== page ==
With an HPI of 53.93, Robert Paul is the 4th most famous Canadian Skater. His biography has been translated into 15 different languages.
Robert Paul (born June 2, 1937) is a Canadian former pair skater. He teamed up with Barbara Wagner in 1952. They became the 1960 Olympic champions, four-time World champions, and five-time Canadian national champions. After retiring from competition, the pair toured with Ice Capades.Paul choreographed for Peggy Fleming, Dorothy Hamill, Linda Fratianne, and Donny and Marie. He was one of Mirai Nagasu's coaches. He appeared in the Bewitched episode "Samantha on Thin Ice".
With an HPI of 53.82, Toller Cranston is the 5th most famous Canadian Skater. His biography has been translated into 15 different languages.
Toller Shalitoe Montague Cranston, CM (April 20, 1949 – January 24, 2015) was a Canadian figure skater and painter. He won the 1971–1976 Canadian national championships, the 1974 World bronze medal and the 1976 Olympic bronze medal. Despite never winning at the World Figure Skating Championships due to his poor compulsory figures, he won the small medal for free skating at the 1972 and 1974 championships. Cranston is credited by many with having brought a new level of artistry to men's figure skating.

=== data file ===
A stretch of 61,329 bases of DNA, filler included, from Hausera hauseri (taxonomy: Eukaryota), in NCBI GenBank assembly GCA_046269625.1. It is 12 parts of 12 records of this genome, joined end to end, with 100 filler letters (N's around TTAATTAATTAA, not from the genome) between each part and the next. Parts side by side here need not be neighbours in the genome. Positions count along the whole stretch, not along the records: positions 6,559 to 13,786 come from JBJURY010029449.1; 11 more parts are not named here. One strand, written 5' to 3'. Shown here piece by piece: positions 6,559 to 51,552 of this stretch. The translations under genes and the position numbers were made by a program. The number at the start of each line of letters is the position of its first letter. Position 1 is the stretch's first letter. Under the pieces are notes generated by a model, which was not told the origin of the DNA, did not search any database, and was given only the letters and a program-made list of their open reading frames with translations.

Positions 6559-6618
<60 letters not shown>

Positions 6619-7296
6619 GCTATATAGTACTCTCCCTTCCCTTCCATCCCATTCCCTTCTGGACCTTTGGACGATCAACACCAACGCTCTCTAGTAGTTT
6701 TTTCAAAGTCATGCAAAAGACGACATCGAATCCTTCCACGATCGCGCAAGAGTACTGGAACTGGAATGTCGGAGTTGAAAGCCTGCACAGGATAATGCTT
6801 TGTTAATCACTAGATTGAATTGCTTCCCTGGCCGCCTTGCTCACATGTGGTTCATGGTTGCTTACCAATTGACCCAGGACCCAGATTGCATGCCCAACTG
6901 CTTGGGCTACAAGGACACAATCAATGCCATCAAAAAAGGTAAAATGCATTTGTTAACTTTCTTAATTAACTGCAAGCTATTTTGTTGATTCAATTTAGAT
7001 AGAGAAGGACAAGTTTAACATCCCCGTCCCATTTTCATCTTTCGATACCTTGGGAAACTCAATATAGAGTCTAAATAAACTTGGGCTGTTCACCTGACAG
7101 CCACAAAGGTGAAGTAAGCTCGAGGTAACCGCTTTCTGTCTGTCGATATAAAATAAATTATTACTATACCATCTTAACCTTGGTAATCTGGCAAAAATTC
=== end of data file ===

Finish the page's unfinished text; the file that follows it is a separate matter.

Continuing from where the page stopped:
With an HPI of 49.37, Jeremy Wotherspoon is the 6th most famous Canadian Skater. His biography has been translated into 19 different languages.
Jeremy Lee Wotherspoon (born October 26, 1976) is a Canadian speed skater, widely recognized as one of the greatest speedskating sprinters of all time.In December 2003, Wotherspoon became the most successful male skater in World Cup history when he claimed the 49th victory of his career. He finished his career with a record 67 World Cup wins at 500 and 1,000 metres.Wotherspoon broke the 500 m world record on three occasions. He broke the 1000 m world record seven times.
With an HPI of 49.30, Tessa Virtue is the 7th most famous Canadian Skater. Her biography has been translated into 27 different languages.